Tag Archives: empathy

Did Watson Have an Empathy Algorithm?

17 Feb

I’ve read the different explanations from IBM about why Watson acted so quirkily at the end of the first game when it held a commanding lead–$36,681 compared to Brad Rutter’s $5,400 and Ken Jennings $2,400. In the final Jeopardy round’s category “U.S. Cities” the computer answered “Toronto” when the correct response was “Chicago.”

IBM has been quick to offer reasons about its most famous computer’s personality. And they make some sense in an obfuscation as techie jargon kind of way.

What I think happened is much simpler: an IBM programmer introduced an empathy algorithm into the software. That is, if Watson knew it was pounding its opponents into the intellectual trivia dust, it would back off; it would refrain from humiliating its opponents. Think of it as a variant of Isaac Asimov’s famous first rule of robots: Do not harm humans. What could be more harmful to smart people than to make them look stupid in public?

Three things make my empathy algorithm theory very possible. First, Watson blew the very basic Final Jeopardy category “U.S. Cities.” IBM lamely says the computer’s answer, Toronto, makes some sense in that there are U.S. cities with the same name. Maybe, but do any of the Torontos in Florida, Illinois, Kansas, Missouri, Ohio, South Dakota, and Texas have an airport, let alone two of them? Any named for World War II history? Didn’t think so.

Second, the $947 bet. If, despite the empathy algorithm, in the random chance that Watson was going to get the Final Jeopardy response correct, it could not chance adding brutishly to its insurmountable lead. So, it bet small. Logic alone would dictate a bet of around $15,000 to assure a two-game match victory. But Watson did the gentlemanly thing instead and bet politely.

Finally, an item in the Fast Company story is intriguing. Apparently some programmer took it into his or her head to let Watson make “non-zero” bets for things like Daily Doubles and Final Jeopardy. He or she thought those arbitrary bets would spice up the show. As, indeed, they did.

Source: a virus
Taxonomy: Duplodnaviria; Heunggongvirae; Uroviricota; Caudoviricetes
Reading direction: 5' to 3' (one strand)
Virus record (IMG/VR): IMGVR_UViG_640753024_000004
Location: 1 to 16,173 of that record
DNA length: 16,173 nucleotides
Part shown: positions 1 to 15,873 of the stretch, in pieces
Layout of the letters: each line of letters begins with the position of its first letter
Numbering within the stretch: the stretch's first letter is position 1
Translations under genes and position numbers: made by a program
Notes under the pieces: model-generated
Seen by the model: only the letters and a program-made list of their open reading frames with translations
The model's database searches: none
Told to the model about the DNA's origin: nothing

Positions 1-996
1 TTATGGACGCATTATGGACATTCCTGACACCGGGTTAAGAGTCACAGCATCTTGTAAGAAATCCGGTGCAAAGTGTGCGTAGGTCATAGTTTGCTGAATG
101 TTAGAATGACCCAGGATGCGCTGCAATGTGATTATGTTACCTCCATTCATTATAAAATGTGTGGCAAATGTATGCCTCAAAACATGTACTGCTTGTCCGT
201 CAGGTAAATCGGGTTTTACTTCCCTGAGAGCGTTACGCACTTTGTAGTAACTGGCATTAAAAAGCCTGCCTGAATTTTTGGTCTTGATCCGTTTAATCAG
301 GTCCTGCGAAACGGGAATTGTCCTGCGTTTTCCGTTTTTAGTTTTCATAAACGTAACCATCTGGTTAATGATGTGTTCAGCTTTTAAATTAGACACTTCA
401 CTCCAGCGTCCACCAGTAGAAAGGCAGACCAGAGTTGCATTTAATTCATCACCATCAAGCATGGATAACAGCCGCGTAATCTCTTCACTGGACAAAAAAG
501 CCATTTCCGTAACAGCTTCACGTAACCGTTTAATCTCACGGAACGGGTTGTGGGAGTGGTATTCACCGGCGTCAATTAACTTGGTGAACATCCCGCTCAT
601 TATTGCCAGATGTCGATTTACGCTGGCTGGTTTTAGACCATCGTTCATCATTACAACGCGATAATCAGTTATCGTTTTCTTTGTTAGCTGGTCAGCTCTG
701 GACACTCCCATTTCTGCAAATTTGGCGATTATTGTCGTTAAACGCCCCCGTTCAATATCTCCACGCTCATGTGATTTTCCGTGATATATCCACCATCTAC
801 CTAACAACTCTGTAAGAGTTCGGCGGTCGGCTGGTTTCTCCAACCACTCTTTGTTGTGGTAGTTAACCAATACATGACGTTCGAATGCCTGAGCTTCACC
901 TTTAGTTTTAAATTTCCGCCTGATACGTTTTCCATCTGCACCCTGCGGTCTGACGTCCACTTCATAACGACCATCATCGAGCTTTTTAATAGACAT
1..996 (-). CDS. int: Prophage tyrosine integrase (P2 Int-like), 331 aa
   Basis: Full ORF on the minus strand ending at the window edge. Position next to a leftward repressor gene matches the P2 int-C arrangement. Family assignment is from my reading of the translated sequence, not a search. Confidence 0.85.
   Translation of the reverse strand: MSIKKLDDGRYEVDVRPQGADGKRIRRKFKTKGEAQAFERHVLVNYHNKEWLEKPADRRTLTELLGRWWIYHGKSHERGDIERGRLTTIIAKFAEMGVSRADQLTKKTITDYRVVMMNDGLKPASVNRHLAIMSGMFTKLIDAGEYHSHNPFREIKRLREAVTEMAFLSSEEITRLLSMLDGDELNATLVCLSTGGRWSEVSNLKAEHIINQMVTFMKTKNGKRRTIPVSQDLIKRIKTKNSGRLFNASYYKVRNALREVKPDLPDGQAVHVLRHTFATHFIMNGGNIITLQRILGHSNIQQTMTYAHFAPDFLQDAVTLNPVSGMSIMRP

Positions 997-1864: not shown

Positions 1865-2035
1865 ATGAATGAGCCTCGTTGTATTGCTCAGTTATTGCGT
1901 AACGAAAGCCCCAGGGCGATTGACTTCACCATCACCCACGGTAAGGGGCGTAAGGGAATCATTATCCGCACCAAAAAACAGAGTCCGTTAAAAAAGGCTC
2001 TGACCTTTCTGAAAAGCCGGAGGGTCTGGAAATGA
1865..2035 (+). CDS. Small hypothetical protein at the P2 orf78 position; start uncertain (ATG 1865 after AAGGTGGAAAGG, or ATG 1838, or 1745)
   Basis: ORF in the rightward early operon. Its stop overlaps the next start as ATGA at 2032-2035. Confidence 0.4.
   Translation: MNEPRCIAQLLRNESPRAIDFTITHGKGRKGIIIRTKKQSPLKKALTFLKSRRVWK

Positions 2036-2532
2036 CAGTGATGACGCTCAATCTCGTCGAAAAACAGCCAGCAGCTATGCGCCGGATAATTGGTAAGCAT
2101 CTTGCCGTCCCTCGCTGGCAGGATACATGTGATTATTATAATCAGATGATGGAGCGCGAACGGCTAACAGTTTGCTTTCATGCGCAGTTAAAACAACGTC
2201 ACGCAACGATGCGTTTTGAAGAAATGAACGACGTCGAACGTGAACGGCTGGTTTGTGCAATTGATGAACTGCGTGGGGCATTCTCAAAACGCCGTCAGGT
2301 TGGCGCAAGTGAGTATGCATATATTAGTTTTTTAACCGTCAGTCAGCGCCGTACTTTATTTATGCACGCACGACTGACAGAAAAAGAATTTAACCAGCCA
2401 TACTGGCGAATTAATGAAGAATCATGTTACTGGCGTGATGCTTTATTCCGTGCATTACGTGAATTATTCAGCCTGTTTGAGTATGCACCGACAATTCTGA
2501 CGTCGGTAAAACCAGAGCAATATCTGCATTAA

With that kind of freedom granted to Watson’s developers, I’m willing to surmise that one programmer thought it was wise to make Watson a good chap as well as a great player and so introduced an empathy algorithm.

Callous Toward the Homeless

4 Jan

Nearly every day I see people begging here in the Willamette Valley. They stand on street corners and at freeway exits holding barely readable tattered cardboard signs. They wander up and down the streets of towns large and small asking for spare change. They line up outside shelters for food and a bed for a night.

Like most people most of the time, I don’t pay them too much attention. I’ve become callously indifferent toward the homeless.

When I lived in San Francisco in the 1990s and walked from the Polk Gulch neighborhood to my office downtown, I’d put a big handful of quarters in my pocket and hand out one or two in response to the requests for spare change. By the time I got to work a half hour later, my pocket would be empty. I doubt that I saved anyone on those urban treks, but I doubt I did any harm either.

In 2007 it was estimated that more than 650,000 people in the United States were chronically homeless. The government’s Housing and Urban Development (HUD) said that in 2009 1.5 million individuals spent at least one night without a home to sleep in. According to another survey, more than 19% of the homeless are military veterans. That same report shows that 55% of homeless people are afflicted with disabilities, yet barely 25% have some kind of health insurance. And more than half of those on the streets have no source of income, hence the begging.

It’s only going to get worse. As jobs become scarce in this country and politicians chip away at social services, Social Security, and Medicare, expect homelessness to grow. In fact, given the arrival of Baby Boomers into senior citizen status, it’s estimated that the number of  homeless among the elderly will expand 33% in the coming decade.

Guilt-ridden individuals will not solve homelessness one handout at a time. The solution, if there is one, must come from a large-scale government effort. But our political leaders have little concern about the homeless because they are not as powerful a constituency as, say, millionaires who demand tax breaks. Sadly, there’s little hope for the homeless.

On occasion, especially on a cold day like today, I’ll roll down the window of my heated car and hand over a dollar or two to a beggar who claims to be homeless. Although I know it’s unlikely that my meagre contribution can turn their lives around, I still do it. And, yes, I realize I can get scammed by those who are not in such dire straits. But I don’t worry about the loss of a couple bucks to a petty crook. Mostly, I worry about the loss of my sense of empathy toward my fellow human beings.